Before the innocent observation of their four-year-old daughter, Annie, Julie Goodridge, Ed.M. ’83, and her then-partner Hillary were pretty comfortable with their relationship status. But after reading a book about people who loved each other, Annie made her own list, writing down all the people she knew who loved each other. Not on the list? Her mothers. “You can’t love each other,” Annie explained to Hillary. “You’re not married.”“We’d had a commitment ceremony in the backyard; that seemed fine for us,” says Goodridge. “But we weren’t married, and we started to think about what that meant.”So began the fight that would become Goodridge v. Dept. of Public Health, the landmark case that would see same-sex marriage become legal in the commonwealth of Massachusetts in 2003. As one of seven couples involved in the case — and the lead plaintiff — the Goodridges became the public faces of the marriage equality movement. This new role for the family was sometimes difficult on Annie, who found herself having to defend her family to some classmates, and on her mothers, who now had the added responsibility of educating the educators at Annie’s school.“I had to play the role of ambassador for gays everywhere,” says Julie who, with Hillary, worked to mobilize the gay community at the school — parents and teachers — to make things easier for their children.Thirteen years after the historic ruling, Julie Goodridge returned to the Harvard Graduate School of Education to participate in last semester’s Askwith Forum, With This Ring: Winning Marriage Equality. In this edition of the Harvard EdCast, she speaks about her role in the same-sex marriage movement, and reflects on her time at HGSE.Winning marriage equality Julie Goodridge, lead plaintiff in the landmark Massachusetts case Goodridge v. Dept. of Public Health, reflects on her life’s journey and discussed her time at HGSE.
On Saturday, the Movimiento Estundiantil Chicano de AztlÃ¡n (MEChA) club at Notre Dame invited women from Saint Mary’s and Holy Cross to join Notre Dame women at “Universitea,” a tea party discussion about the differences and stereotypes within the tri-campus community. The event provided a social forum for these women to come together and review their similarities and differences while talking about the barriers that exist between the three institutions, sophomore event coordinator Peggy Tull said. Participants at the tea party were each handed a pink carnation upon arrival and directed to one of nine tables. If women arrived in a group, the group was divided so that no woman sat exclusively with friends. A moderator from MEChA sat at each table, and led discussion on a specific topic. “The people who had volunteered to be moderators … pick[ed] which topic interested them the most,” Tull said. Topics included expectations prior to and after arriving on campus, the impact of social media, parties and social lif,; society’s effect on the campuses and the influence of men on the interactions of women from the three campuses. Tull said the idea was to get women talking to see what problems everyone recognized and what they felt could be done about it. “We wanted to figure out some solutions to the issues on [Notre Dame’s] campus and between campuses and even convey some of them to the administration if we can,” Tull said. Overall, she said she believed the event was a success. “Although it generated a lot of good discussion about what people at [Notre Dame] can do, this one event can’t do everything that we want it to,” she said. “There were a lot of things we could’ve talked more about … but if it left people with more to say, that’s always a good thing.” MEChA hopes to involve more students, including male students, in future events revolving around the same subject. Although the women at the tea party were encouraged not to identify themselves directly with their school, MEChA club member and Universitea moderator Rose Walsh said her group had been mostly from Saint Mary’s. “We were initially hoping to focus on [female] students,” Tull said. “We felt removing the male presence from an event might make women more comfortable, [although] male students are just as responsible for issues between campuses.” Tull said the idea for the event arose out of last year’s MEChA event, “Gender Roles at Notre Dame.” The name of the event had been changed, after an initial title referencing “MRS degrees” and “SMC Chicks” provoked a lot of con troversy. Walsh said she thought the event had Saint Mary’s students in particular very riled up. Walsh said the moderators diffused the tension pretty quickly and made some friends,” but the conflict showed MEChA club members there were underlying issues between the campuse and especially between the women of the community. Tull said the club’s pillars are family, education and service, with a broad focus on social justice. Universitea was designed to address the breakdowns in the family of the Holy Cross community. “This event was focused on the family aspect between our schools,” she said. “Right now, that [tri-campus] family is not nearly as strong as it should be. “Considering how close we are geographically and how involved we are in each other’s experiences, it should be a much warmer, friendlier environment – one that builds and supports each other.” Strong, healthy relationships with one another is important to creating a unified effort to promote positive change in the community, Tull said “One thing about MEChA is … we want to help improve the world not just our own campus,” she sai,. .[But] you can’t help anyone else when your own house is fractured.” Tull said students who are interested should look for MEChA’s five-day event, Semana de la Mujer, this spring. She also encourages students to follow MEChA on Facebook and Twitter, or email [email protected] for more information. Angelica Martinez, MEChA co-president, said she hopes other clubs will follow MEChA’s lead in confronting inter-campus issues. “I hope that we aren’t the only club that’s making an effort to make these campuses a whole community,” Martinez said. Contact Tabitha Ricketts at [email protected]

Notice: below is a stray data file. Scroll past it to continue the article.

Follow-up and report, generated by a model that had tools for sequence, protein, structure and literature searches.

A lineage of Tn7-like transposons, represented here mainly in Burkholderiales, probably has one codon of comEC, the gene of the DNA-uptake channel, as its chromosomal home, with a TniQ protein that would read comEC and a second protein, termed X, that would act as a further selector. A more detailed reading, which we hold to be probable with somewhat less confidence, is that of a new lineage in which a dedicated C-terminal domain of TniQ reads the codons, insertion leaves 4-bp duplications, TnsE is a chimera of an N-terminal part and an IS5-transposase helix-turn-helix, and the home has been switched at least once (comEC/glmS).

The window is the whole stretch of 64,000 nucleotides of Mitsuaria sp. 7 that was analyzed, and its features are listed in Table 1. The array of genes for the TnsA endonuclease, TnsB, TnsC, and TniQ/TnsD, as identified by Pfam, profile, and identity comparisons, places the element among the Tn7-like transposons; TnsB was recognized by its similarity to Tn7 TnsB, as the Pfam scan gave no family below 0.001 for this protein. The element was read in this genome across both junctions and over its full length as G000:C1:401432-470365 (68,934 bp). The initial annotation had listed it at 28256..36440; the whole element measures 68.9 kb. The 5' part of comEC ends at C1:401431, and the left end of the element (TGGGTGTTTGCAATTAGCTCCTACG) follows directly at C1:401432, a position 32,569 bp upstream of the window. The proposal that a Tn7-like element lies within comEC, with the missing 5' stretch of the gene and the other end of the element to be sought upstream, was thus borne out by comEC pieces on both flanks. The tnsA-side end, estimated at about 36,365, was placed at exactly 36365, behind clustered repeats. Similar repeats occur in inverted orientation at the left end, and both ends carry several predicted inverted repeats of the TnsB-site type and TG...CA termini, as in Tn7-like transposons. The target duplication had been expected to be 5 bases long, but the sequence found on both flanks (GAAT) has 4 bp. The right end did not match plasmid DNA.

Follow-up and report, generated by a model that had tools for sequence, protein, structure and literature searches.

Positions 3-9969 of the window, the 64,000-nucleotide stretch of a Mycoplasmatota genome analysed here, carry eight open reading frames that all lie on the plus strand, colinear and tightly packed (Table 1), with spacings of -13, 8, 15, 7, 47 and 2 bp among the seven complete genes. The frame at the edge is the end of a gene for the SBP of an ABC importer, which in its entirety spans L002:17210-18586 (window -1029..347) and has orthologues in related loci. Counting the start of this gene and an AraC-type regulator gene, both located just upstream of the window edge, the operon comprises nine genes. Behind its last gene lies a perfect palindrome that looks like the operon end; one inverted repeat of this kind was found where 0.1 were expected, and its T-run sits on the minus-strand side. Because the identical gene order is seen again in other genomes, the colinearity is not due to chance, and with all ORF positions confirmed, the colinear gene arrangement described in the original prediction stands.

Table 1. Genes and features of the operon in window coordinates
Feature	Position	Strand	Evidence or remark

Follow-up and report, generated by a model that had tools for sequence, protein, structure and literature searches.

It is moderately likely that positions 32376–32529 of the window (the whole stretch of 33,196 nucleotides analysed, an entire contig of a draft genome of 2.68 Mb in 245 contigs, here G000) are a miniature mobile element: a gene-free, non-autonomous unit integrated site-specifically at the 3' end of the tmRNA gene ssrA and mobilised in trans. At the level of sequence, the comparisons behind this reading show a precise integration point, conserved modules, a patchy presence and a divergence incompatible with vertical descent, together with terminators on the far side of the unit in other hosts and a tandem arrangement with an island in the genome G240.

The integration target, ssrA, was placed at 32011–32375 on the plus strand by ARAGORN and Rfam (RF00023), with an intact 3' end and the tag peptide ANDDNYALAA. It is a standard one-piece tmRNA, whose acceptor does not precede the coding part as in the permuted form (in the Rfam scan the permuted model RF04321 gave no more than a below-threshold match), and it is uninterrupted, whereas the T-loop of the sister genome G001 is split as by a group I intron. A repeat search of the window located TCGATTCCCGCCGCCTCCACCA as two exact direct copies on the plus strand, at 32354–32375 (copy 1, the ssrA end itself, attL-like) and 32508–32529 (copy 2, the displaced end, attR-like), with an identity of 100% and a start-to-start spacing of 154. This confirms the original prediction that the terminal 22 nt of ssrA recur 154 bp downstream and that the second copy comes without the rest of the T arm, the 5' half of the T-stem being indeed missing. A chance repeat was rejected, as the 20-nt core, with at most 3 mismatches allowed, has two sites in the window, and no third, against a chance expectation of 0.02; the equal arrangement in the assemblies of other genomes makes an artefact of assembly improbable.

LifeSiteNews 25 June 2014Europe’s largest homosexual activist organization, ILGA Europe, has praised Denmark’s Parliament for allowing citizens to change their sex on identification documents on request.Last week, Danish parliamentarians passed a measure allowing a legal sex change without, as previously required, a diagnosis of gender identity disorder and sterilization. The new law will take effect September 1 and will allow any citizen over the age of 18 to legally change their gender following a six-month waiting period.“Today we have dropped the requirement of sterilization when transgendered people need a new personal identification number as part of a legal sex change,” Minister for Economics and the Interior Margrethe Vestager said in a statement.“It will make life easier and more dignified for the individual, for example when you are asked for ID in shops,” she added.http://www.lifesitenews.com/news/denmark-oks-legal-gender-change-on-demand